22. 22. 22 Digital Routes to IntegrationLessons learned LESSONS LEARNED NETWORKS CONSOLIDATION Chapter 2 described a shift, beginning in early 2016, from explosion to consolidation. While some projects packed up shop, those that stuck around were becoming more open to exchange and collaboration. Forums and clusters of exchange emerged. LAGeSo Roundtable One of these was convened in February 2016 by Sebastian Muschter, who was at that time president of the Landes- amt für Gesundheit und Soziales (LAGeSo). LAGeSo was the authority in Berlin responsible for processing asylum applications, as well as providing provisional accommoda- tion and basic welfare support for refugees. (Disclosure: Muschter is on the advisory committee to this research project.) Having already initiated a successful partnership between LAGeSo and the language-learning app Babbel, Muschter invited a wide range of people connected with digital refugee projects to participate in a roundtable, to discuss what they were doing and how it could be improved. To begin with, Muschter urged participants not to shout about the existence of the group. LAGeSo had been the subject of critical press coverage when its overstretched capacity was unable to keep pace with peak arrivals in 2015, and Mus- chter’s concern was that convening this group of digital innovators would be denounced by some as a misguided priority. The group met a number of times over the following months. The most concrete thing that resulted from these meetings was the development of a Facebook page for LA- GeSO, through which refugees could get reliable informa- tion and answers about the asylum process. Although the tangible fruits were rather modest, these meetings nevertheless served two valuable functions. They were an important and early networking forum, where peo- ple working in this field got to know each other. And they opened up a constructive dialogue between fledgling digital projects and a relevant public authority, and increased the level of mutual understanding. Many of those round the table, for example, found the difficulties involved in launching this LAGeSo Facebook page to be an eye-open- ing experience, since it highlighted how often the freedom of public authorities to innovate is constrained. We have more to say about the relationship between digital projects and official administration in the “Partnerships” section below. Helfer-Allianz The Helfer-Allianz (“Helper Alliance”) was created as a direct result of the “Digitaler Flüchtlingsgipfel” confer- ence with its appeal to projects to pool their efforts. The group, which is made up of representatives from numer- ous projects, largely of the Hacker type with some Social Entrepreneurs mixed in, has met semi-regularly since the conference in June 2016. The Helfer-Allianz is a group of peers with no formal hierarchy. However, a central figure in the founding of the group was Malte Bedürftig, founder of GoVolunteer. This project typifies the shift from explosion and consolidation. The GoVolunteer platform launched in February 2016, and the months before that were spent narrowly focussed on building it. After the platform launched, Bedürftig and his team realised that success in their project required more than just software – they also needed to be actively work- ing with NGOs and other projects. Since then, Bedürftig has invested a lot of time in developing a broad and diverse network. Chapter 3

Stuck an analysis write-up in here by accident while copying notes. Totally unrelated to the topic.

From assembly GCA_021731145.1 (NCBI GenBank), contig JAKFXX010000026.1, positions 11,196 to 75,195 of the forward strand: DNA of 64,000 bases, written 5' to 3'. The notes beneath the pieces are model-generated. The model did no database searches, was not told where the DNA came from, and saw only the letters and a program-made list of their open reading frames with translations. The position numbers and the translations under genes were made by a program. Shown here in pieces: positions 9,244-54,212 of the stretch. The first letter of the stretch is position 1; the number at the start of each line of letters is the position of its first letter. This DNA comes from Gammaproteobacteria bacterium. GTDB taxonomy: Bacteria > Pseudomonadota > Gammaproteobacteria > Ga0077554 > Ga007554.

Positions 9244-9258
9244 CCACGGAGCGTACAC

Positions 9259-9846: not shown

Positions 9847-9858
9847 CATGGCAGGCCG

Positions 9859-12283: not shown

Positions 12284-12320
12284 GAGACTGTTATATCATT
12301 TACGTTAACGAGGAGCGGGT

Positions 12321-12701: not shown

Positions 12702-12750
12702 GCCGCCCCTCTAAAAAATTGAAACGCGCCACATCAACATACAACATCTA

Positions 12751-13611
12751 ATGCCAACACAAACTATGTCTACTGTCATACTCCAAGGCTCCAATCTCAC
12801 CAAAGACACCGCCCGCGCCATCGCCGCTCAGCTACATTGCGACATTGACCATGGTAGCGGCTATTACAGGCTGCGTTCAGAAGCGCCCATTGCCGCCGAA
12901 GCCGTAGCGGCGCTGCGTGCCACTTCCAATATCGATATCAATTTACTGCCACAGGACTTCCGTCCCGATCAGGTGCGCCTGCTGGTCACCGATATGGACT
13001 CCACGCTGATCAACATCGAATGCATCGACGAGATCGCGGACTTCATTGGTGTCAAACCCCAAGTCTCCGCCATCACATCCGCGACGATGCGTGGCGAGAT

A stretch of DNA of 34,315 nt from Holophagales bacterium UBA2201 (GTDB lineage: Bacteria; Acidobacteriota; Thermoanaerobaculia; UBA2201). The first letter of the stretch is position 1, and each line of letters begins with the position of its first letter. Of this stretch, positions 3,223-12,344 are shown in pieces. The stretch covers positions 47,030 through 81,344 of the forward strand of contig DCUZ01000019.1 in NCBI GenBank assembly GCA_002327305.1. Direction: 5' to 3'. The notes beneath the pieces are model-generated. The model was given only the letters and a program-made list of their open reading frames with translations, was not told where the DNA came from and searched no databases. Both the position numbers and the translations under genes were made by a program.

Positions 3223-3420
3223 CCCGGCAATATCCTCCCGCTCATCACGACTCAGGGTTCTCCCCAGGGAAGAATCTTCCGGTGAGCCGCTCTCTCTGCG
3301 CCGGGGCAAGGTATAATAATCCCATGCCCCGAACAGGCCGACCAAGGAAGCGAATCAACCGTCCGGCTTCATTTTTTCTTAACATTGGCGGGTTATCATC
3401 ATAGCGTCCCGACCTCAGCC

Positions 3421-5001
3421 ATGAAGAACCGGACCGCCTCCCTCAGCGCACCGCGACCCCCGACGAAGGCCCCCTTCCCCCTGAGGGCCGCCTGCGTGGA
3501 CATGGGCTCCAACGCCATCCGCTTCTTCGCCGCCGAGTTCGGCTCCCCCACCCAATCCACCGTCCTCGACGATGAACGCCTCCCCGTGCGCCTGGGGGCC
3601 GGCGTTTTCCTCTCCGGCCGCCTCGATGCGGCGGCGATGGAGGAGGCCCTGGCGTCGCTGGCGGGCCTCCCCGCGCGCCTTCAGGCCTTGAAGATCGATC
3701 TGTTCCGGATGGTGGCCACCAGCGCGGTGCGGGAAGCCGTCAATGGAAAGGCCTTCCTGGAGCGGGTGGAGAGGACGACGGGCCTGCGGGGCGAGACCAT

23. 23. Digital Routes to Integration 23 Lessons learned The objectives of the Helfer-Allianz are to share knowl- edge and look for ways to pool resources, both on an opera- tional level and in communicating a unified message to the press and public. There were some earlier attempts prior to the Helfer-Allianz to set up a network of this type. That the Helfer-Allianz gained traction where previous attempts had not is evidence of greater openness for exchange. Other influential clusters A network that predates the proliferation in digital refugee projects, but that became an important point of activation, were the OK Lab network. Organised by the Open Knowl- edge Foundation Germany, the OK Labs are groups of coders and developers who share an interest in applying their skills to social issues, and meet up regularly in their free time to work on such projects. They fall squarely into the Hacker type described above. There are OK Lab chapters in cities across Germany, and in summer 2016 the Open Knowledge Foundation chose four of them to participate in a new programme titled “Digital Refugee Labs”, funded by the Federal Agency for Civic Education (BpB). The idea was that existing digital refugee projects would be invited to present the current state of their projects and receive support from the participating OK Lab members. This was a much more constructive ap- proach than starting from scratch to brainstorm yet more new projects. Volunteer Planner and metacollect were two projects that participated, and both reported that they profited from the experience. Finally, there appears to be an informal clique of exchange centred on Kiron. As described in the profile of the project on p.XX, Kiron began to attract serious levels of attention and funding while other projects were still in early stages of development. In a couple of cases, Kiron used this po- sition of strength to offer support to other digital projects under the banner of “Kiron Ventures”, although they have since dropped that name. Workeer and Wefugees are two projects that received financial support from Kiron, as well as pro bono assistance. Co-working spaces Co-working spaces have played a significant role, incubat- ing a number of digital refugee projects. The Social Impact Lab in Berlin, which offers modest seed funding as a pack- age together with providing office space, has seen several of the projects in our database pass through its doors, including Kiron, Wefugees and Daheim. Migration Hub is a co-working space which grew out of the Startup Boat expedition. On returning from Samos to Berlin, the Startup Boat organisers opened an office space to house and incubate innovative projects working on ref- ugee integration (not necessarily digital ones). Since then Migration Hub is under new management, in new prem- ises, and sees itself as not only a Berlin co-working space but also a centre of expertise internationally, an organiser of events, and more. The young team has recently been granted substantial EU funding and may develop into an important actor in the development of the digital refugee scene. Interestingly, there seems to be a clear divide on the point of co-working spaces between the different types of proj- ects we identified. The Social Impact Lab and the Migra- tion Hub have typically housed projects from the Hacker and Newbie types. The Social Entrepreneurs, meanwhile, have opted instead for commercial co-working spaces, rubbing shoulders with for-profit start-ups. For example, Taqanu is based at the well-known Factory Berlin. Daheim, GoVolunteer and ReDI School have been incubated in Axel Springer Plug and Play Accelerator; indeed ReDI has worked in various commercial spaces, as detailed in the project profile on p. 47. The team behind WelcomeRide run it, along with their other for-profit enterprises, out of the #Neuland co-working space in Munich. Berlin-centrism Fig. 6 makes clear the striking concentration of activity in Berlin. Half of all the German projects we know of began in the capital. This highly uneven distribution suggests both that there are important characteristics of the city which made it especially fertile soil for projects to sprout from, and also that there are likely to be self-reinforcing network effects – that is, the more projects there are in one place, the more likely others will follow. Berlin is home to an established and thriving tech start-up scene, and consequently there is a large pool of people with IT skills and mindsets, as well as a surrounding infrastruc- ture of co-working spaces, events, social networks, etc. These networks were mobilised during the explosion phase of engagement. With the exception of Munich, there does not seem to be a cluster of people working in this field in any other city. Indeed, some people we interviewed in Munich and elsewhere look towards Berlin as a reference point for their work and can even, in the case of AIDEN and Daheim, end up moving there.